vii Figures 1 2 3 A contract farming framework The centralized model The multipartite model – A joint-venture contract farming project in China 4 49 51 Boxes 1 2 3 4 5 6 7 8 9 10 11 12 13 14 15 Technology transfer by diffusion Effect of assured markets – Tomato production in India Analysing the physical and social environment Culture versus commercialism Sugar-cane production by contract farming in Thailand Individual developers – The informal model Intermediaries in Thailand “Acts of God” clauses in contracts Land tenure for contract farming Transient verbal contracts An example of grading specifications for fresh tobacco leaf The role of farmer groups in Colombia Growers’ Association in Kenya Management and technology transfer in India Monitoring milk production in Croatia 13 14 33 35 48 53 55 63 65 67 70 90 91 96 110 .
viii Tables 1a 1b 2 3 4 5 6 Example of an inventory of preconditions for contract farming – Socio-political assessment Example of an inventory of preconditions for contract farming – Physical and social assessment Characteristics of contract farming structures Characteristics of contract formulas Pricing and grading structure of cassava under contract in Thailand A cropping schedule for flue-cured tobacco under contract Production and postharvest matrix for export papaya under contract 41 42 56 64 76 99 114 Annexes 1 2 3 4 5 6 7 8 9 Sponsor-farmer advance policies Agreement for contract farming of maize Tobacco contract – Greece Export papaya agreement Swine raising contract – Thailand Job description for field extension officers Calculated yield indicators (CYI) Farmer performance record Quality constraints – An illustration of perceptions 121 124 126 131 132 138 140 143 146 .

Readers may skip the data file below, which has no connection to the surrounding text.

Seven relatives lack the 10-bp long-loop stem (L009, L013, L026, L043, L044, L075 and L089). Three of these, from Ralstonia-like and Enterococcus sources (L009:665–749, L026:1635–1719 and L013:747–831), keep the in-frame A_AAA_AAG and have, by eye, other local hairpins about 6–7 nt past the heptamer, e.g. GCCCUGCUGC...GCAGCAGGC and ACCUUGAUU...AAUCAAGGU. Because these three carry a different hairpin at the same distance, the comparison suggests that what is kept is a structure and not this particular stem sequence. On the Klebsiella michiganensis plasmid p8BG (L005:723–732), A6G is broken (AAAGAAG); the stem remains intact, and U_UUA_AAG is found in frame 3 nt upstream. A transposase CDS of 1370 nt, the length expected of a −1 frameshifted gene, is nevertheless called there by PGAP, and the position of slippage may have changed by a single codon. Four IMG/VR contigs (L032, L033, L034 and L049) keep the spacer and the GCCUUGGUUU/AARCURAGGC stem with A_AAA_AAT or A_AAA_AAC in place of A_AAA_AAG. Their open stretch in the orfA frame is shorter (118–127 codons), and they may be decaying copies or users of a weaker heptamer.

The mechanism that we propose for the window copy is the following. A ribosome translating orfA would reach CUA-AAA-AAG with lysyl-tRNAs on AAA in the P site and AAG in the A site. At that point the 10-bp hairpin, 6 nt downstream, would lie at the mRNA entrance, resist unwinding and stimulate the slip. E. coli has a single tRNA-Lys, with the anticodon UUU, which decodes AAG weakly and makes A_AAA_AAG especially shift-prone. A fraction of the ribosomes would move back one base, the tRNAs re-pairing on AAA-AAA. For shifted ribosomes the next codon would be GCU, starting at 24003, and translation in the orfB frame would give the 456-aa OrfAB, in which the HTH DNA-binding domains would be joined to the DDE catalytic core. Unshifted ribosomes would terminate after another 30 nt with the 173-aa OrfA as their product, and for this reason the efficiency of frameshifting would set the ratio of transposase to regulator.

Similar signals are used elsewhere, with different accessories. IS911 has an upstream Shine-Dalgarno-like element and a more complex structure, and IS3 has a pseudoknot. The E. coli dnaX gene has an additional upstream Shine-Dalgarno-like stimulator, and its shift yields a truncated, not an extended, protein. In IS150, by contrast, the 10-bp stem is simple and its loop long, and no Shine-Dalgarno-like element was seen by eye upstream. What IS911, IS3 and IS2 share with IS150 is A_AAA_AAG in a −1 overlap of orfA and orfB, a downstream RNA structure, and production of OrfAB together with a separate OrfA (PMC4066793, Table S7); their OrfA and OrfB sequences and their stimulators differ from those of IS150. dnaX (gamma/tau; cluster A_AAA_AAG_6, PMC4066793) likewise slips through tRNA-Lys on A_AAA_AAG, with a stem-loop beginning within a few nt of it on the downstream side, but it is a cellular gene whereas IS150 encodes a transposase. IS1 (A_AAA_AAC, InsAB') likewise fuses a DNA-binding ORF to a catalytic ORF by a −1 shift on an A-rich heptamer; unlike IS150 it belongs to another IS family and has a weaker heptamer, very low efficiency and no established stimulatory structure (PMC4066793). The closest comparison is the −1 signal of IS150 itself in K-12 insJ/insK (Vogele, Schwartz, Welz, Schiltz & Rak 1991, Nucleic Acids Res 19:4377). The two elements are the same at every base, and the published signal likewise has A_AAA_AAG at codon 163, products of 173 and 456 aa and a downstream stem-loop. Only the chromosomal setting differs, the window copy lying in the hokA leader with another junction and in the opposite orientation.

is acknowledged with gratitude. Unpublished case studies commissioned by FAO were carried out by Luz Berania Díaz in Colombia. and the Lakson Company in Pakistan. Jon Lindsay. Antony Ellman. Ian Tankard. Morton Satin. Supanun Boontoay. Marco Prencipe. By sharing their knowledge and experiences they provided the inspiration and interest that made this publication possible. which freely provided production data and operational details of their smallholder farming operations. Patrick Kambewa in Malawi. Where references are made in the text to specific contract farming experiences. Where no acknowledgement is given. Richard Roberts. . the source is either one of the unpublished case studies mentioned above or the unpublished experiences of the authors. Arunee Pinprayong. and Mitchell Williamson in the preparation of this publication is gratefully acknowledged. Enriqueta Torres in the Philippines. and Tom Reuben Wambua in Kenya. A considerable debt is owed to the employees and farmers of contract farming ventures in many countries who have contributed to the subject of crop agreements and management-farmer relationships. the source is usually acknowledged as a footnote. Steven Jaffee and Andrew Tallach kindly reviewed an advanced draft of this publication and made many valuable comments. Prayong Saiprasert and Chotiroj Wongwan provided considerable assistance to the senior author during a research visit to Thailand. However. Sandra Kokoric in Croatia. the Frito-Lay and Betagro companies in Thailand.ix Acknowledgements and references The assistance of Cynthia Donovan. responsibility for errors and omissions and the interpretation of the topic remains that of the authors. in particular those of Charles Eaton. The help provided by the British American Tobacco Company and the Nestle Corporation in Malaysia. Tajamul Haque in India. Kelvin Craig in Guyana. Elizabeth Scott.